I am doing my best to keep going, and, yes, there is a strong need for an interdisciplinary viewpoint if any sense is to be made of all the various theories of aging. My treatise http://www.vincegiuliano.name/Antiagingfirewalls.htm
and this blog are my own attempts to contribute to an overall systems viewpoint of aging that is not stuck in any particular discipline.
I will have a look at the links you suggest and get back here about that.
Here is someone who may make it to 110+,
I always wondered if you could take a cohort of people in their 90s, 100s & 110s and apply the best medical technology today (and the future) would they break the 120s and beyond.
And add your Firewall Plan. 30-40 years is min-century and a lot will probably happen with medical technology. Good site and I’ll have to go and study.
I am afraid that “the best medical technology” of today might add an average of 5 years but won’t generally get people up much above their 100s. Applying available interventions based on the best scientific knowledge of aging today (most of which is not practiced in medicine) might add an average of about 10 years to lives. This is a lot when you think about it. However, I think that in 5 years more or so, the available knowledge might add an average of 15 years more. So, if people can keep alive and healthy for a time, even old people like me, they might have a chance to live a lot longer.
See my blog posts Giulianoâ€™s Law: Prospects for breaking through the 122 year human age limit at http://anti-agingfirewalls.com/2009/03/26/giuliano%e2%80%99s-law-prospects-for-breaking-through-the-122-year-human-age-limit/ and also More on Giulianoâ€™s Law; calculating my longevity prospects at http://anti-agingfirewalls.com/2009/03/28/more-on-giuliano%e2%80%99s-law-calculating-my-longevity-prospects/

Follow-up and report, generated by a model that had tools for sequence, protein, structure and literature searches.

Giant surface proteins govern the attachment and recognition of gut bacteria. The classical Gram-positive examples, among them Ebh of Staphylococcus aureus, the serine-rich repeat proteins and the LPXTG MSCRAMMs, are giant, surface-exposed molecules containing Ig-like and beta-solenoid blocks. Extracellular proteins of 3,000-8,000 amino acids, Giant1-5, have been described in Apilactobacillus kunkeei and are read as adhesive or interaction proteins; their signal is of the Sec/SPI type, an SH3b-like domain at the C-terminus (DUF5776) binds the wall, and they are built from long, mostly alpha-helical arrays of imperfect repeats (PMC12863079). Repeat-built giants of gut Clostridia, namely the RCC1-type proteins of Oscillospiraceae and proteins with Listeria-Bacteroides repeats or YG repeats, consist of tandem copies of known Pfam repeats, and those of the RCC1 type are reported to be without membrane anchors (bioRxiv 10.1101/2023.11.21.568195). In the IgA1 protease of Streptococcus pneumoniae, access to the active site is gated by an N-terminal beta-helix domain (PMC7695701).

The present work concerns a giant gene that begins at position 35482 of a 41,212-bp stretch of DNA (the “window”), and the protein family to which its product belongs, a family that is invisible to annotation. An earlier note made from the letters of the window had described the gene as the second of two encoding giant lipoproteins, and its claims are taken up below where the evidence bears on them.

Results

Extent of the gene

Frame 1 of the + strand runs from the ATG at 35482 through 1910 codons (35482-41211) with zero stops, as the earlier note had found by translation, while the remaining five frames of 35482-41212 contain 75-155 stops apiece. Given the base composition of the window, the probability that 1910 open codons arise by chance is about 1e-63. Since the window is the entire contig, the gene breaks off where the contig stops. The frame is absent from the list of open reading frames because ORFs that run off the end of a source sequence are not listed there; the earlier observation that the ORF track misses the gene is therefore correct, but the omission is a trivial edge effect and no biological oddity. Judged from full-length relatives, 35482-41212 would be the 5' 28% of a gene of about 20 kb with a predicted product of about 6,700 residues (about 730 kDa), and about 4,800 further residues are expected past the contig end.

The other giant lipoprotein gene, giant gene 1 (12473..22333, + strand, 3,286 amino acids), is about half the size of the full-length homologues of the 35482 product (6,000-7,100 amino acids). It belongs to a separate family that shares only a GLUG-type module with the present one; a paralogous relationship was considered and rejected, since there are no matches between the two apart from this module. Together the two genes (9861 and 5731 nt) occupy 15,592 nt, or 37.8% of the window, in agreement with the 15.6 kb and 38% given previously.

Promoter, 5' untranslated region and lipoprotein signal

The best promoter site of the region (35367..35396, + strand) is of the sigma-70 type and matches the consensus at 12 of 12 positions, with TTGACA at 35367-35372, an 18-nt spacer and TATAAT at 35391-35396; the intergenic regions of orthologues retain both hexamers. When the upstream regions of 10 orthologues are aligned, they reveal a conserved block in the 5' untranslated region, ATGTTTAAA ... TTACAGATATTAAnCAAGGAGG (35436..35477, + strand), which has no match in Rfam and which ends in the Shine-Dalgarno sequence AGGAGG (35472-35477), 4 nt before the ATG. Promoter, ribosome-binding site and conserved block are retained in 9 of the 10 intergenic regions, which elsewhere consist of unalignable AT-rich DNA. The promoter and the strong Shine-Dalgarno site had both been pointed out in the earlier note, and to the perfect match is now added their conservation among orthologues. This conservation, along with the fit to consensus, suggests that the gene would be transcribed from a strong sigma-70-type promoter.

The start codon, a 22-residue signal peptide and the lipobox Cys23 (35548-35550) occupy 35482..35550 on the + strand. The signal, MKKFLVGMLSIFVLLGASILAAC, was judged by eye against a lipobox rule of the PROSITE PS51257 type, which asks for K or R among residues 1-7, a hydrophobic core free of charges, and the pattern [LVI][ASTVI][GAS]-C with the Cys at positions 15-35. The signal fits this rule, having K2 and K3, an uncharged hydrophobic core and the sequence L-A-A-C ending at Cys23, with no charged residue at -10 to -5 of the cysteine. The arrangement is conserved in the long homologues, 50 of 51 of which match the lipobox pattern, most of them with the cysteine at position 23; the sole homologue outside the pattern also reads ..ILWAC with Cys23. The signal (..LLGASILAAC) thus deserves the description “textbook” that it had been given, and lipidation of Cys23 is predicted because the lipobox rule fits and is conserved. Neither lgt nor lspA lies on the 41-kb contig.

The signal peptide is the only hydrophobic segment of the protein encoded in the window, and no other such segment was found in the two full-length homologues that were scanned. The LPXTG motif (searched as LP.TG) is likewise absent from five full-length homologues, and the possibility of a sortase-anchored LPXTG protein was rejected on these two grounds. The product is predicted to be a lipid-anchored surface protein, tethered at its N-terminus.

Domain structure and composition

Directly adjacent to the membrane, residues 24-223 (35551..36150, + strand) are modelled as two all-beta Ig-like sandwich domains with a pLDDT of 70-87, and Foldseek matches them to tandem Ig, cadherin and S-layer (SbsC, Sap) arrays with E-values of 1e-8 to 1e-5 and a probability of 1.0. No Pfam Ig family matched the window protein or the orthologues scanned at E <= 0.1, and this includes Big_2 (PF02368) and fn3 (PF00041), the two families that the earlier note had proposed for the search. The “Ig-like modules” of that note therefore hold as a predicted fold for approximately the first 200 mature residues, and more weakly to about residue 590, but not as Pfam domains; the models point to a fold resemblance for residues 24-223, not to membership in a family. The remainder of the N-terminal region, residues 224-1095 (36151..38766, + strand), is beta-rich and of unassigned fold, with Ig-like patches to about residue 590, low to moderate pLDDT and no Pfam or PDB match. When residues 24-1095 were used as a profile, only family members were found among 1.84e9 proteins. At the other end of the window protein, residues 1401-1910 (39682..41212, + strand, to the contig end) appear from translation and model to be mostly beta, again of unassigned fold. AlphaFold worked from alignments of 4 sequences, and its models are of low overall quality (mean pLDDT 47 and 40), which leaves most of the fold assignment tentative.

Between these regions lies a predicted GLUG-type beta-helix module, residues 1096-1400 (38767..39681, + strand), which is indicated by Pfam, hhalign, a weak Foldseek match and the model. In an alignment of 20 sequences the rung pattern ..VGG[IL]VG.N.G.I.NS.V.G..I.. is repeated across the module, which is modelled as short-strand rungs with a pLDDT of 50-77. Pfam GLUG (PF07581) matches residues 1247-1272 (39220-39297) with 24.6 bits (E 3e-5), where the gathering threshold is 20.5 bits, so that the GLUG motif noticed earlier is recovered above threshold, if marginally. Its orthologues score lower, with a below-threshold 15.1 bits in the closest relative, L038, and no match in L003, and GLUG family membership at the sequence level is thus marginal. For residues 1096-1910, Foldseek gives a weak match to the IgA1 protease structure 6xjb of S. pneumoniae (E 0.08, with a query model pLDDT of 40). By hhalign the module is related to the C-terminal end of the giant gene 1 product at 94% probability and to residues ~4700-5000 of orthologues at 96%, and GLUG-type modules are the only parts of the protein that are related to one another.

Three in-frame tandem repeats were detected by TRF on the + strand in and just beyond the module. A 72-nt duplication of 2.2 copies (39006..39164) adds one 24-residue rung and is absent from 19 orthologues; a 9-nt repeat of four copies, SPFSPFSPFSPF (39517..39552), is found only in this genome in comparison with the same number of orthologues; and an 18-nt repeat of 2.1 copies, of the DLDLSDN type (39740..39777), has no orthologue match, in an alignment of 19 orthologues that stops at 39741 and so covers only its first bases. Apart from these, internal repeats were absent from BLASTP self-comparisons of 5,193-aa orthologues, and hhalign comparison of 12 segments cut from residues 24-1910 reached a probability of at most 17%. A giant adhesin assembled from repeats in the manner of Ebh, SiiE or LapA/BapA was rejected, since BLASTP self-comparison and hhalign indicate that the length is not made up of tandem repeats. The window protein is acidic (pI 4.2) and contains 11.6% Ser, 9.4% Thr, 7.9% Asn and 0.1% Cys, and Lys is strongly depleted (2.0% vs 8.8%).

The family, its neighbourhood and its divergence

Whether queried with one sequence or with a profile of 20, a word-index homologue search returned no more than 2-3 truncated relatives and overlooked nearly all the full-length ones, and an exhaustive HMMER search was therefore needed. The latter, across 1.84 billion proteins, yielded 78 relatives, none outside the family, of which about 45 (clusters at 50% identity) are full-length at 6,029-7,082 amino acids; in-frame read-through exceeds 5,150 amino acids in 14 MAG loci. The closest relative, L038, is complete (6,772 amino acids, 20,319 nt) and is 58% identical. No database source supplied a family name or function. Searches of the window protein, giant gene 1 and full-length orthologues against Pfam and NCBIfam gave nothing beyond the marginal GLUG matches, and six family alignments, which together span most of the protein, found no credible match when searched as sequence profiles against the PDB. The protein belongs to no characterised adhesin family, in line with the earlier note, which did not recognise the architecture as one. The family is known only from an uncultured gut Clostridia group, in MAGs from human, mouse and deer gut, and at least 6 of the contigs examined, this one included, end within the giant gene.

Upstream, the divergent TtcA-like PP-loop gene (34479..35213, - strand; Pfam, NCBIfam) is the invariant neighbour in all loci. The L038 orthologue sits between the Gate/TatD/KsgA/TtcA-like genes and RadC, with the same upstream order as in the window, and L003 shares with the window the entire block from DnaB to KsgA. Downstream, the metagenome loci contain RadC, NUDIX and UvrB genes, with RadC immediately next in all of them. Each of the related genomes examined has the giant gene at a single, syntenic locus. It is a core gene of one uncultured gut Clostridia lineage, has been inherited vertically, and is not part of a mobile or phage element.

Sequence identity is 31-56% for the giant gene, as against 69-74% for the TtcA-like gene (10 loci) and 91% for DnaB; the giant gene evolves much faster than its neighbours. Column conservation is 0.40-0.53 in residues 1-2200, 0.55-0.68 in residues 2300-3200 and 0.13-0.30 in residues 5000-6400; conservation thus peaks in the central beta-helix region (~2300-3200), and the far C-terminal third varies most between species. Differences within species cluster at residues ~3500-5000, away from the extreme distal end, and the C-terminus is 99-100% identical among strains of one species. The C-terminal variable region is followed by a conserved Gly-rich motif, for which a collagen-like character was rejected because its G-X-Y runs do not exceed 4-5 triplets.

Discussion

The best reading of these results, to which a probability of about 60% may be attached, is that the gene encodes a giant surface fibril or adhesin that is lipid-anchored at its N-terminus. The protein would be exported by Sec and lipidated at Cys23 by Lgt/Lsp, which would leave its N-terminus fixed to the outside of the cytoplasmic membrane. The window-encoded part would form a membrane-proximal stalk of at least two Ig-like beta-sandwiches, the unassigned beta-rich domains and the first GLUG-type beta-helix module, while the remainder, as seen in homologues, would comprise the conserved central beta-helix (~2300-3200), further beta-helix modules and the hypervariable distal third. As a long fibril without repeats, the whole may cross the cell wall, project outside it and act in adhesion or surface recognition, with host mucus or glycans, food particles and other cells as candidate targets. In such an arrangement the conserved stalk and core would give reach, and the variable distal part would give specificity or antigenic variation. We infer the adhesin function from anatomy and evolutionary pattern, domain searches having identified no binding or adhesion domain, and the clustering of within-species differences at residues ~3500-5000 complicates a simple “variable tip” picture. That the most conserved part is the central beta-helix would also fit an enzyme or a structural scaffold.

And thanks for your feedback on the site. I will be doing my best.
When was the last time you posted a “How Am I Doing” post. I’d be interested to hear.
I’m a fan of Occam’s Razor. It has always seemed to me that the simplest explanation for the aging process is that it happens for the same reason that we change as we grow up. It would make sense to me that the same clock (mechanism) that triggers children to grow a second set of teeth right around age 5, grow pubic hair as they enter their teen years, or stop getting taller in their latter teens, is the same clock that triggers a decline in other cellular functions later in life. Of course, many things in science are not as straight forward as I might think.
On a philosophical level I quite agree with you. There are some in the aging-science community like Aubry de Grey who think aging is programmed through maturity and then becomes a stochastic process responding to random damage such as due to oxidation. I think it is a programmed lifelong process that is modifiable by environmental factors, lifestyle and diet, but only in a limited manner. The program increases the susceptibilities to processes and diseases of old age exponentially as you approach an advanced age until one gets you and you die. I do think it is possible to postpone the processes of the program for 10 or even 20 years but so far the program seems to be inexorable.